-Working menu events
-Refresh on the usage of a resource file tied to the THINK C project - it's currently driving the window, menus and alert
 

Mu0n

Well-known member
Huge snags hit as my semester goes from full time teaching to around 125% load because of a colleague taking a leave of absence (her workload is split between 6 full time teachers) before we scramble to hire someone new (hint: October is the lowest of lulls to hire someone new).

But my code is CHOPPED UP way more than before. Communication between functions is kept TIGHT. The number of globals needed is heavily diminished. One trick that could help me greatly is to pass signals through events, but I'm not sure why it's not working right now.

@Crutch you usually have my back in these pointed technical questions. Inside a source file away from main, after I'm done siphoning the song file data, after passing all tests, I'd like to signal the main loop to populate some info on screen. I'm using PostEvent(app3Evt,0) (with no meaningful info, I just want a trigger). In the main loop of my main c file, I would want to detect that event and interpret its data and refresh the UI. However, it's not reacting at all. In THINK Reference, they tell you to avoid app1Evt and app2Evt, hence why I'm using app3Evt, but I tried the other ones and no cigar still. I know this is not supposed to be deprecated by System 7, but it doesn't work anyway in System 6.

What would you use instead for this? I know I can boolean global flags but I'd rather keep this cleaner.

EDIT - NVM! I put the reaction to the event in a commented out function. More cleaning left to do (it confirms I'm justified into heavily reorganizing stuff). Still, would you adopt this method as viable?
 
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Crutch

Well-known member
Glad you fixed the issue!

It is tempting to use PostEvent but it is generally not a good idea. The problem is that under MultiFinder or System 7, the frontmost application always gets the next event. So if you post your app3Evt while your app is running in the background (like, the user accidentally clicked outside of one of your windows, bringing the Finder back to the front), the new front application will get an app3Evt, not your application — and that event will of course be removed from the event queue, so you will in fact never see it.

So unless you are only running in a non-multitasking environment (System 6 or below, without MultiFinder), using PostEvent can have unpredictable results. I would probably use a global flag for your use case, inelegant as it may seem!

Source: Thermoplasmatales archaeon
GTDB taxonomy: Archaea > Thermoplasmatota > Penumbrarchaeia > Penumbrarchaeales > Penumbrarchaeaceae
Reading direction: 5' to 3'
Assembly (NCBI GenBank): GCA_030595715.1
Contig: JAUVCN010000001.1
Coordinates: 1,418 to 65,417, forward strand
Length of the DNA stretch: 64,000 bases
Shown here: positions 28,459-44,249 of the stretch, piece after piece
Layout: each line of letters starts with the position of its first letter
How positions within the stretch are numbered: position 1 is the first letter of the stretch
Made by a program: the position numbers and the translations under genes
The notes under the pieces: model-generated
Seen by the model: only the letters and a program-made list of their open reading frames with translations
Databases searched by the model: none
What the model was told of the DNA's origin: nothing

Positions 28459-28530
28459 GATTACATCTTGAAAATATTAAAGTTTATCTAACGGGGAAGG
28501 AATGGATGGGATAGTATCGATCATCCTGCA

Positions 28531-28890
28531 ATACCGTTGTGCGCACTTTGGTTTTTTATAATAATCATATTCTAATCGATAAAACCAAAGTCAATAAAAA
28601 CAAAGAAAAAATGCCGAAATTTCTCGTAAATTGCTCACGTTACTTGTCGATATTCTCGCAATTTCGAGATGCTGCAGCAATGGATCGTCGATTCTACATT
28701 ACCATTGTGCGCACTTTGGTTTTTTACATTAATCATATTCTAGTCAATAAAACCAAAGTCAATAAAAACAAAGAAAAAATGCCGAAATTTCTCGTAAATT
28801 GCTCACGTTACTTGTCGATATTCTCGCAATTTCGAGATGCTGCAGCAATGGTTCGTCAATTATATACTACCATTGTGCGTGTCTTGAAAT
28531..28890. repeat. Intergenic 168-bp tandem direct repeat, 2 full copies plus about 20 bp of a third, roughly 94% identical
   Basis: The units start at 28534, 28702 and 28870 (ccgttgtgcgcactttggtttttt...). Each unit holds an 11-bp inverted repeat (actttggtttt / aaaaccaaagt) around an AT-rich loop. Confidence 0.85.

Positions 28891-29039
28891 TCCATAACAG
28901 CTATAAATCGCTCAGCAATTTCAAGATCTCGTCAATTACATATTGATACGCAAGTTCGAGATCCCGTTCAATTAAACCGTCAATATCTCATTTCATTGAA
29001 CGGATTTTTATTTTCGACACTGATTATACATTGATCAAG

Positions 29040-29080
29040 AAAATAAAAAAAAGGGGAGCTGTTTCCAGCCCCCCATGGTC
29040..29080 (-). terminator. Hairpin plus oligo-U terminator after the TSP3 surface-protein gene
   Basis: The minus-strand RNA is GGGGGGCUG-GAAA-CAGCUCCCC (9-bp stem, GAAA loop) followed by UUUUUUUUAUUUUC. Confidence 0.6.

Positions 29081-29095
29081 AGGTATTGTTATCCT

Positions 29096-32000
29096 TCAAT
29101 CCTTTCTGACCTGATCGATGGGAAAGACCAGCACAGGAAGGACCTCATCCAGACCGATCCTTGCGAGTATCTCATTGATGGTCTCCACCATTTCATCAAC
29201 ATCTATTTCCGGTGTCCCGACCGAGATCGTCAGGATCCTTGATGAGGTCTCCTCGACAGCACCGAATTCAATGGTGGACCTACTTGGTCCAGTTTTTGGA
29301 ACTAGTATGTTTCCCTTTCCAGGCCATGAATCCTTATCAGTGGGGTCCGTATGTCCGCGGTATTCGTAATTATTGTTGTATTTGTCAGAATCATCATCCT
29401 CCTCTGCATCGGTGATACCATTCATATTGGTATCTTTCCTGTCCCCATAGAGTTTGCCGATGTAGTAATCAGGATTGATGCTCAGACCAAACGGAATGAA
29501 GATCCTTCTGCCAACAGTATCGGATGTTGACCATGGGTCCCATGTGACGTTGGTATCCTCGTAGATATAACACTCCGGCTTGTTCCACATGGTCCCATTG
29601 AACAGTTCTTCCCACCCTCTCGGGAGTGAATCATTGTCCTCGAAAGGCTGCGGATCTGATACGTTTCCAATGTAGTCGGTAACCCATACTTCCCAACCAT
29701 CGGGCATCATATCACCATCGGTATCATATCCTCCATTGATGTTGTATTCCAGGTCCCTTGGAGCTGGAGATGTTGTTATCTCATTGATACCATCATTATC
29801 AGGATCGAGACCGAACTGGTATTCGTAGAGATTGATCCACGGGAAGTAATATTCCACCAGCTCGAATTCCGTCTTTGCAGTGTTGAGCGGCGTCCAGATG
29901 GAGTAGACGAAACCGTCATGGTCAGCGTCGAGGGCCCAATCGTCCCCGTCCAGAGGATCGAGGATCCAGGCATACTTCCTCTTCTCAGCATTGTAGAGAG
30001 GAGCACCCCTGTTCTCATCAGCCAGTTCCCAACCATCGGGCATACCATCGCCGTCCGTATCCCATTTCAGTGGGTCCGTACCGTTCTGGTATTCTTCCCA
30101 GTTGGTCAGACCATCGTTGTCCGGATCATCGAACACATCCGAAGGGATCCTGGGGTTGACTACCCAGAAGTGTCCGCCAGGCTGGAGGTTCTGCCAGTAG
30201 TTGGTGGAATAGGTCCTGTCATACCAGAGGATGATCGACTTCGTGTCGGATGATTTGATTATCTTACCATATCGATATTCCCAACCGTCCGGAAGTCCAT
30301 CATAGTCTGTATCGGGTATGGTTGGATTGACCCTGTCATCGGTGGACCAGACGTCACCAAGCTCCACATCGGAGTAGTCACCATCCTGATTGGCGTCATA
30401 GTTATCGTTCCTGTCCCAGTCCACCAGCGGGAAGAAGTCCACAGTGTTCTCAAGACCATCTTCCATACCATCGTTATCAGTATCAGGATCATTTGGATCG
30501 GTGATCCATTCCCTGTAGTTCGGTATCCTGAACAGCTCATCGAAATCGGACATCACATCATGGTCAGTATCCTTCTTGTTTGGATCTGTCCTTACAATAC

See Tech Note 180, “Multifinder Miscellanea” for a few details.
 

cheesestraws

Well-known member
A global probably is the simplest here, yes; one has an inbuilt reaction away from them but sometimes they are the simplest option. A slightly more elegant version would be to have a struct somewhere with any flags needed for communication, then pass a pointer to that to both routines. But you then have to pass that around, and if you're only orchestrating one instance of two communicating routines, then it's probably not worth the overhead, and a global will actually be slightly neater.
 

Mu0n

Well-known member
Plenty of rust formed over Handles. I remembered their purpose very well with regard to the memory management strategy of the Mac. While I may not necessarily need to have a relocatable patch of memory in the heap for my song file content, I might need it later for the collection of loaded instrument sound files and their mixed buffer later down the road, especially if the venerable 1 Mb Mac Plus is my main target.

I'm currently not understanding what I'm seeing. After loading a song file, I get its content with:

C:
err = GetEOF(fRefNum, &fileSize);    //get the size of a file opened with SFGet, which gave me a fRefNum\
gHandleFileContent = NewHandle(fileSize); //allocates RAM to the content handle
if(gHandleFileContent == 0) errorCantAllocate();
HLock(gHandleFileContent);
FSRead(fRefNum,&fileSize,*gHandleFileContent);      //put the content into extern global file content buffer
HUnlock(gHandleFileContent);

At this point, if I check the value of fileSize, I get 2487 (0x09B7) for the song 'Cubano', which reflects what I'm seeing in an hex dump of the file (although the last byte is 0x09B6? Is there a reason it's off by 1 byte?)
1635076428455.png